Long days, late into the night, are passed by Oswald sitting on and walking the decks. This homeless wanderer on havenless seas recks little of log-book or transit. Unlike sure-winged passage-bird, he knows not his journey's issue. So perverse have been fate's courses that this high-strung, assertive mariner hesitates to direct life's drifting argosy.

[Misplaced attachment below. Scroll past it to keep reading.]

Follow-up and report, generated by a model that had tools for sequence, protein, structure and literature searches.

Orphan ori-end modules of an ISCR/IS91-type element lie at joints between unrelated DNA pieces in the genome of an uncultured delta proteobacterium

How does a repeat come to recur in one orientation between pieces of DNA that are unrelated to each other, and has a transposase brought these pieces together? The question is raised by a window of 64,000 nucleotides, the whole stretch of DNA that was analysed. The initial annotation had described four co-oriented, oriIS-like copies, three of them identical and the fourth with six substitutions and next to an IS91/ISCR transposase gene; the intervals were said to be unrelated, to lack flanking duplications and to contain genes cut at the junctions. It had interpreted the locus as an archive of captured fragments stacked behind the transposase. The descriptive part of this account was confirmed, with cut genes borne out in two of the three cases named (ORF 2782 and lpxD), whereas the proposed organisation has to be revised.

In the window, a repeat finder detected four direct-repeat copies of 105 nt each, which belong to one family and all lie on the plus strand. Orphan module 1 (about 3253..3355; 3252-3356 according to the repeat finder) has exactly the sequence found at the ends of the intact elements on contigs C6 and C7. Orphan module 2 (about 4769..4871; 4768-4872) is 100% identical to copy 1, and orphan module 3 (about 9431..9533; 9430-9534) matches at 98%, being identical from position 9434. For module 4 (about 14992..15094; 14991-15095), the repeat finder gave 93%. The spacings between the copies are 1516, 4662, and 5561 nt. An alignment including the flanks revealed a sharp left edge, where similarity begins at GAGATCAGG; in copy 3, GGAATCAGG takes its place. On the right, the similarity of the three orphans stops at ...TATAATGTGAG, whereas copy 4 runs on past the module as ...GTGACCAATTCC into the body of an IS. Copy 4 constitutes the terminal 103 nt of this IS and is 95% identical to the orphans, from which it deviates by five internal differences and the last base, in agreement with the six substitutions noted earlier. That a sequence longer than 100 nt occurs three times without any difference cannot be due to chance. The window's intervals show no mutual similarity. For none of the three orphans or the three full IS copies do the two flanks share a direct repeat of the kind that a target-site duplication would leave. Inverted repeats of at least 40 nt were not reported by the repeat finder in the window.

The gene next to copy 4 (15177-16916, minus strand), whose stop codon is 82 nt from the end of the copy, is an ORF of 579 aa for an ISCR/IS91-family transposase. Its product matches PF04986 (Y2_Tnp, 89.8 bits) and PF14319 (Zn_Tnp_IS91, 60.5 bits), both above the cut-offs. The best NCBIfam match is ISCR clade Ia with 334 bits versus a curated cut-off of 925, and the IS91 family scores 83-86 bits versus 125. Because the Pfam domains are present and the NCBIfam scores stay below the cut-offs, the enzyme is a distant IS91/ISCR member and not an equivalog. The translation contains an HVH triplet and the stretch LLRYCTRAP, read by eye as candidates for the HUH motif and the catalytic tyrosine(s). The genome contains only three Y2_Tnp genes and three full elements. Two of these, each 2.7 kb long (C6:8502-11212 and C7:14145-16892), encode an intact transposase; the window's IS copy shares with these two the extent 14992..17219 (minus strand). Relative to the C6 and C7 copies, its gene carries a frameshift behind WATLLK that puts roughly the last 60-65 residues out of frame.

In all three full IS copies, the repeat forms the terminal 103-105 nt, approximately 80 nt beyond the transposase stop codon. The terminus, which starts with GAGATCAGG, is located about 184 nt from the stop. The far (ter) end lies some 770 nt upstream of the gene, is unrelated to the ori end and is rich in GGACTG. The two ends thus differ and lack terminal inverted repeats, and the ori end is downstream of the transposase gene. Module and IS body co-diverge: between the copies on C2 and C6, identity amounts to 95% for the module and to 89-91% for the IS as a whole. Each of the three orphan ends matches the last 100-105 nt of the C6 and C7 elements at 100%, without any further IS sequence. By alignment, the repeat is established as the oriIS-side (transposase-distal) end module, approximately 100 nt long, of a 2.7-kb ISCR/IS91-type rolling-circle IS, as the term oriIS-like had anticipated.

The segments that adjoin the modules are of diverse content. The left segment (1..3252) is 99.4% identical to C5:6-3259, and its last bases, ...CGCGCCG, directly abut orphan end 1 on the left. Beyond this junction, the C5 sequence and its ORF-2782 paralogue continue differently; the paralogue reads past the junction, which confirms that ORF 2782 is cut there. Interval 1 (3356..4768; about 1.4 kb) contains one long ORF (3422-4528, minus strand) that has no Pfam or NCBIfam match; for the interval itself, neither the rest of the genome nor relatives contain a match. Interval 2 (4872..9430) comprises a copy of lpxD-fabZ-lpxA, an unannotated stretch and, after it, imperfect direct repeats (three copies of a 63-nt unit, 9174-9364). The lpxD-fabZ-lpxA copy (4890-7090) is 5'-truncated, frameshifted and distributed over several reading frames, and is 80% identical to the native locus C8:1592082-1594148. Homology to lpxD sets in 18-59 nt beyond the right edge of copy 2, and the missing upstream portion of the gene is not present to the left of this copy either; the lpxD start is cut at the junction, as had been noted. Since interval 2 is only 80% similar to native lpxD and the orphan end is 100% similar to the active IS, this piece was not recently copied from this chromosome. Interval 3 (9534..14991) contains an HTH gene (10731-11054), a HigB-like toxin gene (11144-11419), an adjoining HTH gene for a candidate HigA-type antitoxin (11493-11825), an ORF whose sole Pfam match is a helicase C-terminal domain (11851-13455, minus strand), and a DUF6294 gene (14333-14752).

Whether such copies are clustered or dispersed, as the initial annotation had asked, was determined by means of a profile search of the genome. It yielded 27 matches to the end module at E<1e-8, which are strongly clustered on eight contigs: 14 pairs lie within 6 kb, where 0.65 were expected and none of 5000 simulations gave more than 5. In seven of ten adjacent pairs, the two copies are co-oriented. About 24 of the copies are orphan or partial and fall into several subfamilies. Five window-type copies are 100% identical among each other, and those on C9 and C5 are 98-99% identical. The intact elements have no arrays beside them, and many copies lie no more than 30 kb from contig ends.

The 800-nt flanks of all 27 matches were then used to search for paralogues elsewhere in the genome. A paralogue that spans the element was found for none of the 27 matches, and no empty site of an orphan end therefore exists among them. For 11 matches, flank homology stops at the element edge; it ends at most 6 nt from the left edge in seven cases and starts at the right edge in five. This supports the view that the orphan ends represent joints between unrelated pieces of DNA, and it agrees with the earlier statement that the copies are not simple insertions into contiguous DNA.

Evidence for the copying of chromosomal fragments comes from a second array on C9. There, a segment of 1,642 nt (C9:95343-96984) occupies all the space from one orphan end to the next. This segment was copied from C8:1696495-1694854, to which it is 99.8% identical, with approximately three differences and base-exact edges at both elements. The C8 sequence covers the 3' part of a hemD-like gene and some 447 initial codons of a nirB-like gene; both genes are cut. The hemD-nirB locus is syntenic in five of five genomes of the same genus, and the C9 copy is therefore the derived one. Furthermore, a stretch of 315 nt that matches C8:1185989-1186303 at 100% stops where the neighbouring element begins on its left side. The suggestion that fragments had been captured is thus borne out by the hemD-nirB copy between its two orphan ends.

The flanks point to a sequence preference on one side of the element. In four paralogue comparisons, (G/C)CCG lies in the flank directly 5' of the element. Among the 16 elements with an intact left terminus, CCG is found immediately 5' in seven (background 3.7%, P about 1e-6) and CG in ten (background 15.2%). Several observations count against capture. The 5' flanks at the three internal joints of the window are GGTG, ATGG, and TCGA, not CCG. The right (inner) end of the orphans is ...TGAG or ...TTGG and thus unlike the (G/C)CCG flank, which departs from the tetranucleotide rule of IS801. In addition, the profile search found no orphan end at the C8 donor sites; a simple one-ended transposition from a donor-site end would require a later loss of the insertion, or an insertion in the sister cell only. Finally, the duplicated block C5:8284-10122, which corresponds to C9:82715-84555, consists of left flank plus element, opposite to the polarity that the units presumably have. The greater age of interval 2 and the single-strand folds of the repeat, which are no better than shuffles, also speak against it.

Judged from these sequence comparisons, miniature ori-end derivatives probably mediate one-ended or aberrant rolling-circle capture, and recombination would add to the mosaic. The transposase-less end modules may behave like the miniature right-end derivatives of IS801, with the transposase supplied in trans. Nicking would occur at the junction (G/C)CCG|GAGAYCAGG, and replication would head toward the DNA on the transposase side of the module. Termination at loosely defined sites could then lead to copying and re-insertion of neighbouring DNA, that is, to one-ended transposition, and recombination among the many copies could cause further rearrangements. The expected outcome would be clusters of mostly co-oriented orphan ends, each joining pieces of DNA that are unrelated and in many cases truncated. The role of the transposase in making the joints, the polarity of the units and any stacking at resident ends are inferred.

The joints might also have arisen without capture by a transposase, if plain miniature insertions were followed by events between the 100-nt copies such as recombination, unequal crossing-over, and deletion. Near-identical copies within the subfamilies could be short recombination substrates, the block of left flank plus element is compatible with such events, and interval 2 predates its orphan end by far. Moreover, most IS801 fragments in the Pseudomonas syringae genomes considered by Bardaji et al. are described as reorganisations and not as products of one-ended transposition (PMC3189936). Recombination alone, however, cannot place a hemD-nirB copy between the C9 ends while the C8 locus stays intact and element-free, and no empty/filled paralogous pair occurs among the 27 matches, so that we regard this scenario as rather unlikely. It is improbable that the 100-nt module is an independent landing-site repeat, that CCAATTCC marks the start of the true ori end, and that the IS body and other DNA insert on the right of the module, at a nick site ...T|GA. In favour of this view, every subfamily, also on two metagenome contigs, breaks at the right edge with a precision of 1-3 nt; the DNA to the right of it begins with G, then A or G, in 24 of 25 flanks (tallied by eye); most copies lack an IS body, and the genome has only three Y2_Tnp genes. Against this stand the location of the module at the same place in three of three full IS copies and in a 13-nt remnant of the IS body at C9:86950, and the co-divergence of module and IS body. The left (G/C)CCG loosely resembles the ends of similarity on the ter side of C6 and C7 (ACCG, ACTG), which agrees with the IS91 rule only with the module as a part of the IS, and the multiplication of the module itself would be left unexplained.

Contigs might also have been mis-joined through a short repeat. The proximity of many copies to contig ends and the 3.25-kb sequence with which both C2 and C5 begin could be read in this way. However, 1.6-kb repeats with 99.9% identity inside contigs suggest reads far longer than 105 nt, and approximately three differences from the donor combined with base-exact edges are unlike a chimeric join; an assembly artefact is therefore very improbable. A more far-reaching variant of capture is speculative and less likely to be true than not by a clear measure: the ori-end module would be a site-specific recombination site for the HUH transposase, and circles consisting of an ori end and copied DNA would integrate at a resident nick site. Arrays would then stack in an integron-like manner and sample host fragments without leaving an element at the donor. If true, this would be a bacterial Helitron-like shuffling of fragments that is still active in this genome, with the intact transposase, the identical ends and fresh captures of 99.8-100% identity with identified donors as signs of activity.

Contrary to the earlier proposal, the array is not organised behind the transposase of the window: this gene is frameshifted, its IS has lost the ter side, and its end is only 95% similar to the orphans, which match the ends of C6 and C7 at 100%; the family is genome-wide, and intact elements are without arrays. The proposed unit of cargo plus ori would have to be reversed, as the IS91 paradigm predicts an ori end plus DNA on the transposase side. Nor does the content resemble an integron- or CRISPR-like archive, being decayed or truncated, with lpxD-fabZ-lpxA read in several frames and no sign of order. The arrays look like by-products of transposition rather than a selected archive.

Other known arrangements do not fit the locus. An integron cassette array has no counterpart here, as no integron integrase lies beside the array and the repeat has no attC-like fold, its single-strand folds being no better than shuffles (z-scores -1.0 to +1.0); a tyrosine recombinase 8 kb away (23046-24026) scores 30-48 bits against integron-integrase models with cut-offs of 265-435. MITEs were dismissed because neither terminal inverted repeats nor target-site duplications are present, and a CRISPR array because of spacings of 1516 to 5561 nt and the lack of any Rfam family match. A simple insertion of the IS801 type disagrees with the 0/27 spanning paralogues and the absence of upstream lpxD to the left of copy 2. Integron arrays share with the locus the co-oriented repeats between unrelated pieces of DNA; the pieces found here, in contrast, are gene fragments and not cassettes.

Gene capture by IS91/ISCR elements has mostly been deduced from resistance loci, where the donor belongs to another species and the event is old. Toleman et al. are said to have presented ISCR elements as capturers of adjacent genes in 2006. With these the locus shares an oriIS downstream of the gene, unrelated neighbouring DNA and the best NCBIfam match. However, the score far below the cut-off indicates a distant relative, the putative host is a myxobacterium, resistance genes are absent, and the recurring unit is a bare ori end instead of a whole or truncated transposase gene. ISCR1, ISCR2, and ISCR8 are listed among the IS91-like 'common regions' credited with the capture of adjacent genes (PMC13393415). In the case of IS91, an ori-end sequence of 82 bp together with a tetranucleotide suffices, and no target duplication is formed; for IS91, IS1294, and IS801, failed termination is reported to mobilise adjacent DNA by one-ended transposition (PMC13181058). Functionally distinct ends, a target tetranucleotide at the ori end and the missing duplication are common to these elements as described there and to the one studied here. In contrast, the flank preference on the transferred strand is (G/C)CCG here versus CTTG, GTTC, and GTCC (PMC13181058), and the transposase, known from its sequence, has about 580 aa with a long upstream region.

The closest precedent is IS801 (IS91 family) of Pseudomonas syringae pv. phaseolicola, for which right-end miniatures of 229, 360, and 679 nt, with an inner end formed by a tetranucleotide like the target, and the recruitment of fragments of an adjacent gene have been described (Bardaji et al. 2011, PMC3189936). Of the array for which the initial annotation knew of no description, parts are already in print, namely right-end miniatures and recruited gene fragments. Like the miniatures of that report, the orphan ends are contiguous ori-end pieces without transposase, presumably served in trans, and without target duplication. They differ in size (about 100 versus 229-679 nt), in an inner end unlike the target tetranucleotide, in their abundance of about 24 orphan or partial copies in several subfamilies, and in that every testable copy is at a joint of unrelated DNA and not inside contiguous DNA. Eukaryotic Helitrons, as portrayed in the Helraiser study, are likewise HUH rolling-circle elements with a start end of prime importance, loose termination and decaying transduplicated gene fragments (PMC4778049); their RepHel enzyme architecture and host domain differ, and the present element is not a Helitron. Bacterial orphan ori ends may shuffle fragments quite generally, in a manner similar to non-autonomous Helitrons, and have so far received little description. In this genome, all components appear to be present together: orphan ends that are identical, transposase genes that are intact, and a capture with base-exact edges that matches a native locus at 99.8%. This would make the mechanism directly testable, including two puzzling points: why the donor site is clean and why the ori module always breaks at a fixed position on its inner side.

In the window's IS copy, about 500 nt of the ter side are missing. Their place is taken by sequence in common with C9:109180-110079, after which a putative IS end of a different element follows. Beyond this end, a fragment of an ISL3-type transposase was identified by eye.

"This shall be the chief glory of our house for ever; when a thousand years have gone by, and we that are now living, like those that have been, are mingled with the nature we come from, and speak to our children only in the wind's voice, and the cry of the passage-bird, pilgrims shall still come to these sun-bright fields, to rejoice, and worship the Father of the world, and bless the august Mother of the house, from whose sacred womb ever comes to it life and love and joy, and the harvest melody that shall endure for ever."